Characterization and quantitation of the epidermal growth factor receptor in invasive and superficial bladder tumors.
Smith K., Fennelly JA., Neal DE., Hall RR., Harris AL.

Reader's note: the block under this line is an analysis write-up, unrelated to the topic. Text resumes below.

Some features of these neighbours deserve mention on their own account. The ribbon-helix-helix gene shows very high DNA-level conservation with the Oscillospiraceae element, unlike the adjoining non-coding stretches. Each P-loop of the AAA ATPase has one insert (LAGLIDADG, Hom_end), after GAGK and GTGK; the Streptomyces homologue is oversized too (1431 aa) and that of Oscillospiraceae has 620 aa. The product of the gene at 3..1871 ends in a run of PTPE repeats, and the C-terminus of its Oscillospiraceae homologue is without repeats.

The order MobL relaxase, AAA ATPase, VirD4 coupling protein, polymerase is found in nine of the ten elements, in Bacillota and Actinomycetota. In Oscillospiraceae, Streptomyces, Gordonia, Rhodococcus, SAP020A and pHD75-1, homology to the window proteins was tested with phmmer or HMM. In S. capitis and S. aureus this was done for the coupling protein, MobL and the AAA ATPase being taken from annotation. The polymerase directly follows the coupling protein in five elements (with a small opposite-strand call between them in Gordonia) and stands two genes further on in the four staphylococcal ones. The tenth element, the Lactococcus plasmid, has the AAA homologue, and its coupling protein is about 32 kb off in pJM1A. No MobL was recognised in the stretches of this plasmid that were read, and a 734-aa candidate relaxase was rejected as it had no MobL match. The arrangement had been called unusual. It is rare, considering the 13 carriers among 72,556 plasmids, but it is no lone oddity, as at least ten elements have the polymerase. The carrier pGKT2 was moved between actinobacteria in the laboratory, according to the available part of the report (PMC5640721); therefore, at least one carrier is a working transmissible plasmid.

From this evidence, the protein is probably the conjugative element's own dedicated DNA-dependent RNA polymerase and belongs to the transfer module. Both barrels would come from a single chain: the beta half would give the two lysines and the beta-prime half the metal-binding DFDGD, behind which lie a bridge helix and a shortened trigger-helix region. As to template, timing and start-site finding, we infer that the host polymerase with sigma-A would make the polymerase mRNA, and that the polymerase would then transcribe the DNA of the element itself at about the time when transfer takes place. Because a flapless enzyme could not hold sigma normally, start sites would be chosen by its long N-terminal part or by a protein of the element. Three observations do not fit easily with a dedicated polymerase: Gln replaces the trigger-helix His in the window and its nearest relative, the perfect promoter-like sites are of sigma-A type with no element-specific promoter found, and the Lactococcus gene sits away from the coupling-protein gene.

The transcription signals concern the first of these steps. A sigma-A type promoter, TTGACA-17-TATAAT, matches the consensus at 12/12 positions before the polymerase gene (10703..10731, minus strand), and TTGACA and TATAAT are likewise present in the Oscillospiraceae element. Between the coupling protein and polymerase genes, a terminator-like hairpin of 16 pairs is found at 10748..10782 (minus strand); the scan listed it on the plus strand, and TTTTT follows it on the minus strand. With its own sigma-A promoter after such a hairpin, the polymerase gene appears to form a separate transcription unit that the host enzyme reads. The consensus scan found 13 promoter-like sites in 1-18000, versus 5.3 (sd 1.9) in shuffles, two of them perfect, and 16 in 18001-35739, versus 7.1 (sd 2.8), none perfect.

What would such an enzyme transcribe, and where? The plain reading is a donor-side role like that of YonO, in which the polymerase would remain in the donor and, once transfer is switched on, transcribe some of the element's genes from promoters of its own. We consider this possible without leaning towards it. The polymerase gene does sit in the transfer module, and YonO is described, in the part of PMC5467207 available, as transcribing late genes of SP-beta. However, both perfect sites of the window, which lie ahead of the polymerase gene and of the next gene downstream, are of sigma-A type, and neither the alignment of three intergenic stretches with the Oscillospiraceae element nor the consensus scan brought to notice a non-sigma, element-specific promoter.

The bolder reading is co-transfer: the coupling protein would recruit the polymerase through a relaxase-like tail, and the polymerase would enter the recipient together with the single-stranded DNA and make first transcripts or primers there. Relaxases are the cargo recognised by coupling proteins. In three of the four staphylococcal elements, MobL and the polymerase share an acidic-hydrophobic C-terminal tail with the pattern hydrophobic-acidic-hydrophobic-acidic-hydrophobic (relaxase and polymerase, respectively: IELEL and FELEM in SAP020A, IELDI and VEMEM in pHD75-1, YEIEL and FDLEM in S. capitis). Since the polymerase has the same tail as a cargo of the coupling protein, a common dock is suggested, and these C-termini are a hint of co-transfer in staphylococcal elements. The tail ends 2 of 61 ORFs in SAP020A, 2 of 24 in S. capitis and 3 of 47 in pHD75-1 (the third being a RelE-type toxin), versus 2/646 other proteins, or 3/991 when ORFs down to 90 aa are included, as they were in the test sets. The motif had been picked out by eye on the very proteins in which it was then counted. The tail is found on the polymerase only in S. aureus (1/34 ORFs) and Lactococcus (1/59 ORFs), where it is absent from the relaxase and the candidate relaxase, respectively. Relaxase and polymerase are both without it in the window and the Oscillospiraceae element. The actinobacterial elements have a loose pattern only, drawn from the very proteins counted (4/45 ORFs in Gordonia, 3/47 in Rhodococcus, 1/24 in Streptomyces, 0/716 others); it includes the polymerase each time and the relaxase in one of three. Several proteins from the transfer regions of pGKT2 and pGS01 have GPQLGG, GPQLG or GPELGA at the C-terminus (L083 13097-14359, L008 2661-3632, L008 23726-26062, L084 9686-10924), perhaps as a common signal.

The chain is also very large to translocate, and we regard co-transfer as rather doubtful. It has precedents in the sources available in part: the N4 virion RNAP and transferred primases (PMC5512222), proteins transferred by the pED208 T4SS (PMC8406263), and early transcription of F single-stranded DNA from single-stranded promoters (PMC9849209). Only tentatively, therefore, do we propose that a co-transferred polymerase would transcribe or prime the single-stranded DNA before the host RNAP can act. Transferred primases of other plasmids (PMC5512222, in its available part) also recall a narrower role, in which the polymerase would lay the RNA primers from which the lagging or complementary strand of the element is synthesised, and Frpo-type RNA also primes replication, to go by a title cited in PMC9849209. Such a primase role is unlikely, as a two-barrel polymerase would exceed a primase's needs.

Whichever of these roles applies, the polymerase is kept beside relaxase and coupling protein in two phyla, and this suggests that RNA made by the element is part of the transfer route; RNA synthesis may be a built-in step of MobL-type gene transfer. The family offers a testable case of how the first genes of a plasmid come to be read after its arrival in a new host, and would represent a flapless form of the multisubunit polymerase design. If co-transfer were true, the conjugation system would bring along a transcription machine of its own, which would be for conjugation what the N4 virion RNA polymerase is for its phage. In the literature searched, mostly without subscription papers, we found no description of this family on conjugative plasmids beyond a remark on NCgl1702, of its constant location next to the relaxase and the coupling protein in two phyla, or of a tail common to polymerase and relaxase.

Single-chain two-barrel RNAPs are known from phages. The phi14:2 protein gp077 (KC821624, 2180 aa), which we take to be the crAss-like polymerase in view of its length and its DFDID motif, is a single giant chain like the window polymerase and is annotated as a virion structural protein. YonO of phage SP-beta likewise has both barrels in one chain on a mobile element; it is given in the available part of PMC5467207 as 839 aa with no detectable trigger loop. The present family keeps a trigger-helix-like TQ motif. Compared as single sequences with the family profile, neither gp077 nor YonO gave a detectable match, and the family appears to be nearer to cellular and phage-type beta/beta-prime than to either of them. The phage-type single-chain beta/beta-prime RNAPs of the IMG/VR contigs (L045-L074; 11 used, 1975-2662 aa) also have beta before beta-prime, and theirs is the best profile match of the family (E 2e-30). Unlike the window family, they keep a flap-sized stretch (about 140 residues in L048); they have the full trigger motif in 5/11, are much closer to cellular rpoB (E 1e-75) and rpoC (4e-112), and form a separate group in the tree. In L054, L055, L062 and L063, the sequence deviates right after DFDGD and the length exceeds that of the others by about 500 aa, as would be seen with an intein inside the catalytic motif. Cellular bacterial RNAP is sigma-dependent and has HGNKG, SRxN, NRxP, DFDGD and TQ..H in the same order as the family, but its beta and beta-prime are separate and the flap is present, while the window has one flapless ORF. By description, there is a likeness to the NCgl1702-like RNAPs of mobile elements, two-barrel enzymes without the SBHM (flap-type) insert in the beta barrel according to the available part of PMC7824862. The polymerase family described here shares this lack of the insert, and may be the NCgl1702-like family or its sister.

Epidermal growth factor receptors (EGFr) have been measured on primary human bladder tumor membranes by 125I-EGF ligand binding. High affinity receptors were detected on both superficial (Kd 0.2-1.45 nM; mean, 0.86 nM; median, 0.88 nM) and invasive tumors (Kd 0.19-2.38 nM; mean, 0.9 nM, median, 0.79 nM). There was one class of binding sites and EGFr concentration was quantified by competitive binding and Scatchard analysis. The EGFr was further characterized and shown to be cleaved at the major autophosphorylation site by a calcium-activated mechanism. Thus the EGFr from primary bladder tumors exhibits similar biochemical characteristics to those in established cell lines. Tumors classified as invasive on the basis of muscle invasion had higher EGFr levels [EGF binding, 99 +/- 252 (SD) fmol/mg protein; median, 21; n = 24] than superficial tumors (12 +/- 12 fmol/mg protein; median, 11; n = 23) or normal bladder mucosa (9 +/- 12 fmol/mg protein; median, 6; n = 6) (P = 0.05). When the two largest subgroups of superficial and invasive tumors were compared (15 pTa, 16 T3), the invasive tumors had significantly higher EGFr levels (P less than 0.05). EGFr may therefore be involved in mechanisms of tumor progression. EGFr may be a target for selective therapy with EGF-linked drugs in a subset of invasive bladder cancers.